From left: World Health Organization (WHO) Health Emergencies Programme Director Michael Ryan, WHO Director-General Tedros Adhanom Ghebreyesus, and WHO Technical Lead Maria Van Kerkhove attend a daily press briefing on COVID-19, at the WHO headquaters in Geneva on March 11, 2020. (FABRICE COFFRINI / AFP)
BRUSSELS/GENEVA/UNITED NATIONS/BEIJING - The World Health Organization (WHO) on Wednesday characterized the COVID-19 outbreak as a "pandemic."
The Geneva-based WHO's assessment came as the coronavirus has infected more than 20,000 people across Europe, forcing European countries to impose more travel restrictions, among others, to contain the spread of the virus.
Describing the situation as a pandemic does not change what the WHO is doing and what countries should do, the WHO chief said, calling on the international community to take urgent and aggressive actions to contain the pandemic
The number of people who died of COVID-19 outside China climbed to 1,130 as of Wednesday morning, an increase of 258 deaths from the previous day, according to the daily report released by the WHO.
There are now more than 118,000 confirmed cases in 114 countries and regions, and 4,291 people have lost their lives, WHO Director-General Tedros Adhanom Ghebreyesus said at a press conference on Wednesday.
Bolivia, Jamaica, Burkina Faso and the Democratic Republic of the Congo have reported coronavirus cases for the first time in the past 24 hours as of Wednesday morning.
In addition, five countries - Serbia, Albania, Saudi Arabia, Tunisia, Paraguay - have seen local transmission of COVID-19, raising the total number of countries and regions where local transmission emerged to 66 in addition to China.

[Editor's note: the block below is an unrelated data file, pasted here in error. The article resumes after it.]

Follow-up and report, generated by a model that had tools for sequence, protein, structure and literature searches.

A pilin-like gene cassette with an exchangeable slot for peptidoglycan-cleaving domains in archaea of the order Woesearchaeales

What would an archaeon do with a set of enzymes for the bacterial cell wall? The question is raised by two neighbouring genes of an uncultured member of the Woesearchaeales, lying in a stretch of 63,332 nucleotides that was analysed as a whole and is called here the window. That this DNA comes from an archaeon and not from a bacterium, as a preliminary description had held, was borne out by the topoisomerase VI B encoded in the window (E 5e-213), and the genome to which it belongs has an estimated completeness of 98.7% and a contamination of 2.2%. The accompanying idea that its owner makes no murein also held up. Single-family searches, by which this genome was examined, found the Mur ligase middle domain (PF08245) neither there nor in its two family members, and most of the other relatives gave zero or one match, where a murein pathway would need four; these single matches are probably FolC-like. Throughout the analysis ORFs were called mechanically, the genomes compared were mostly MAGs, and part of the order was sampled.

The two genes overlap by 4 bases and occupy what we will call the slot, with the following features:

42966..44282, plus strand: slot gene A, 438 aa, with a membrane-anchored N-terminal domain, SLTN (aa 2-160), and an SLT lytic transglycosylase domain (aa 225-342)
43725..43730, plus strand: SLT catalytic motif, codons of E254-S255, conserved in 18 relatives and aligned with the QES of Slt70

The WHO's report also shows the coronavirus infects people of all ages, among which older people and those with underlying medical conditions are at a higher risk of getting severe COVID-19 disease.
"We have therefore made the assessment that COVID-19 can be characterized as a pandemic," Tedros said.
Michael Ryan, executive director of the WHO's health emergencies program, warned against the danger of using the word "pandemic" to make people give up rather than act
"We have never before seen a pandemic sparked by a coronavirus. And we have never before seen a pandemic that can be controlled at the same time," Tedros added.
He noted that the number of coronavirus cases, deaths, as well as affected countries, is expected to climb even higher in the days and weeks ahead.
Describing the situation as a pandemic does not change the WHO's assessment of the threat posed by the novel coronavirus, nor does it change what the WHO is doing and what countries should do, Tedros said.
However, the WHO chief called on the international community to take urgent and aggressive actions to contain the pandemic. "We have rung the alarm bell loud and clear," he said.
Answering a question from Xinhua during Wednesday's conference, Michael Ryan, executive director of the WHO's health emergencies program, said pandemic "is a characterization or description of the situation." He denied that such a move would trigger anything other than more aggressive and intensive action.
The WHO has made many internal and external consultations in assessing the use of the word "pandemic" as a characterization of COVID-19, he added, warning against the danger of using the word to make people give up rather than act.
UN Secretary-General Antonio Guterres on Wednesday called for action on the novel coronavirus that causes COVID-19 but warned against panic, after the WHO declared the disease a pandemic.
According to the WHO website, a pandemic is defined as "the worldwide spread of a new disease".
A pandemic does not necessarily refer to the severity of a disease, but has something to do with concern over its geographic spread. Another definition put forth in the book Epidemiology 101 says that a pandemic is "an epidemic occurring worldwide, or over a very wide area, crossing international boundaries and usually affecting a large number of people."
The term is most often applied to new influenza strains, and "an influenza pandemic occurs when a new influenza virus emerges and spreads around the world, and most people do not have immunity," the WHO states on its website. "Viruses that have caused past pandemics typically originated from animal influenza viruses."
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